Travel is always an adventure in stories and moments.
It begins with a long drive to a faraway airport, at which I am obliged to give up a corkscrew that I had, for some unknown reason, left in my carryon bag. Adieu, beloved booze tool! Adieu!
Waiting at Hartsfield-Jackson Atlanta International Airport became an adventure in strange relationship comedy and a moment to bond with strangers. I made Waiting Space Friends with S., a chatty, odd man, and his spouse J.. They bickered and bustled and chattered as he tried to work off his anxieties about flying. I learned about his father and family, and I got the distinct impression that J. is as much S.’s keeper as his spouse — he was a handful, that guy! When S. was off smoking, I chatted with another gentleman who told stories of his boyhood and of his musical relations, and we bonded over interrupted travel and long waits as we watched the three delayed flights ahead of us finally load their impatient, weary passengers.
I will never see these people again, but for all of us it was oddly important to have talked together, to have shared the experience of waiting.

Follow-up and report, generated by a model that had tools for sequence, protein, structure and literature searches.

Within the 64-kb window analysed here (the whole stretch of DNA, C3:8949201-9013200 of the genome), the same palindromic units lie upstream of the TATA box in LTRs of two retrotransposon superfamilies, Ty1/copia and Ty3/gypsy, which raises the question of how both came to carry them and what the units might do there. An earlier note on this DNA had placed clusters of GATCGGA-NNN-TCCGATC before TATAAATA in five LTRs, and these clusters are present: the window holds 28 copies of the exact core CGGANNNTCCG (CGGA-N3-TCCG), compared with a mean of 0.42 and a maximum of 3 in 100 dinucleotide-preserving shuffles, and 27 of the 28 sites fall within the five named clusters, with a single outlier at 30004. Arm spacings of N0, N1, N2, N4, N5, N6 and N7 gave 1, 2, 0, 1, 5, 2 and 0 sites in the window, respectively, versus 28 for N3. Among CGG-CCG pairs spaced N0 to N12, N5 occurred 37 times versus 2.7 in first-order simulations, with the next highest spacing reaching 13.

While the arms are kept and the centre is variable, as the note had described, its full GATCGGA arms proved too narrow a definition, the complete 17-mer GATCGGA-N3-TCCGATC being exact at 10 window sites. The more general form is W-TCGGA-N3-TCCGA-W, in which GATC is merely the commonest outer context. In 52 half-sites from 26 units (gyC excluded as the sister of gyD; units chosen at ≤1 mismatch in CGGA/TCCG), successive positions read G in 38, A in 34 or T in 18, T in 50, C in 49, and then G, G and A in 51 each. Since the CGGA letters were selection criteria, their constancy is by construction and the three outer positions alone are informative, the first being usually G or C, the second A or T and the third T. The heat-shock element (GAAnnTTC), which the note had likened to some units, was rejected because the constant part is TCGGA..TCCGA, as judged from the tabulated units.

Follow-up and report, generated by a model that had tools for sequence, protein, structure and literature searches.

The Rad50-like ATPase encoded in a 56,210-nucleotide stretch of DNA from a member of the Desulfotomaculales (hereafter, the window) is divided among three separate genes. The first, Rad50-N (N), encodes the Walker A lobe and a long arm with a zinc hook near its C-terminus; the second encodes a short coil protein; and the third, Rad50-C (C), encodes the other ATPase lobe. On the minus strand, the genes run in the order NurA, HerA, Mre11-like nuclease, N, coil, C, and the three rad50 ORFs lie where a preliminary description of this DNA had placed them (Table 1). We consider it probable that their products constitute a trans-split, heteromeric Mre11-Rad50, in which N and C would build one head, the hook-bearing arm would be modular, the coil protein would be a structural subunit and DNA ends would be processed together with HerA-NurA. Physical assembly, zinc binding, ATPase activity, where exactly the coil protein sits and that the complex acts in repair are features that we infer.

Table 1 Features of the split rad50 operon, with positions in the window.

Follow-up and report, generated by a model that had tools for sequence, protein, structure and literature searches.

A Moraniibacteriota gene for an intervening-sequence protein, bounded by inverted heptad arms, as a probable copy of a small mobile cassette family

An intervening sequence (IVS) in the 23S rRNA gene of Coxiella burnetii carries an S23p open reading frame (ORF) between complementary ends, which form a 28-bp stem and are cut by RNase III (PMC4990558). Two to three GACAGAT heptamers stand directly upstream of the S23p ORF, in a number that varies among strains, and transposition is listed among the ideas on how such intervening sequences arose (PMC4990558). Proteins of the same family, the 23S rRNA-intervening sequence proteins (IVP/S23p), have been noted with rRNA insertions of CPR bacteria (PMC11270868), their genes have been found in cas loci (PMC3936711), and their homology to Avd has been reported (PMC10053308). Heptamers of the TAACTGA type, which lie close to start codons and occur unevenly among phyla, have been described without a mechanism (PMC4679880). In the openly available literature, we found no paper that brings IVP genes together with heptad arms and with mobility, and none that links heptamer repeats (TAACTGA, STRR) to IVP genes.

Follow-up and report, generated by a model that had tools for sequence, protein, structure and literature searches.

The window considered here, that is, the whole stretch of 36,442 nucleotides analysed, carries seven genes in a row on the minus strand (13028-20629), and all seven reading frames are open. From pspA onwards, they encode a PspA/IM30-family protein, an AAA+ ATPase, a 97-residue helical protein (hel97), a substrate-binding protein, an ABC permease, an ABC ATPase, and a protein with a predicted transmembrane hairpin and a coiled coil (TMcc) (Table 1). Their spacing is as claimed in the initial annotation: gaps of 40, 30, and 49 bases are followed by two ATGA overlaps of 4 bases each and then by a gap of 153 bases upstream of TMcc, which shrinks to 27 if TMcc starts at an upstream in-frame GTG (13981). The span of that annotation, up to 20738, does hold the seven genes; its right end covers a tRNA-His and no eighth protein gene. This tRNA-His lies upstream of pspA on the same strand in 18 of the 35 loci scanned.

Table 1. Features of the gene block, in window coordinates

My room at the Fabulous Resort Destination at which my conference took place looked out over a little courtyard, where oranges topped the trees within Spanish-style walls, with palms waving overhead. It was like a different world entirely from the cold Midwestern expanse I’d left behind, and the whole place felt old and gracious and slightly sepia-toned (I didn’t really have to do much to my photographs to get the effect this time). I could imagine sitting for tea in the dining room, whose windows looked out directly on the ever-moving ocean.
I felt pathetically underdressed for the place most of the time, but was never made the feel unwelcome there. Well, except by this bird, who wasn’t impressed by my human intrusion on its sacred ocean space.
I met lively and interesting people, and we talked about lively and interesting things, but most curious of the things I heard was the final keynote address of the conference — a bibliographer shared with us his abiding love of the very physical being of books, and I was forcibly reminded of how strange all of this electronic communication really is.
As I waited in a little cafe in Atlanta once more, filling the long hours between one flight and the next, I watched an old man boogie in his seat to the marvelous Chaka Khan, and I thought that might be the best part of the whole trip.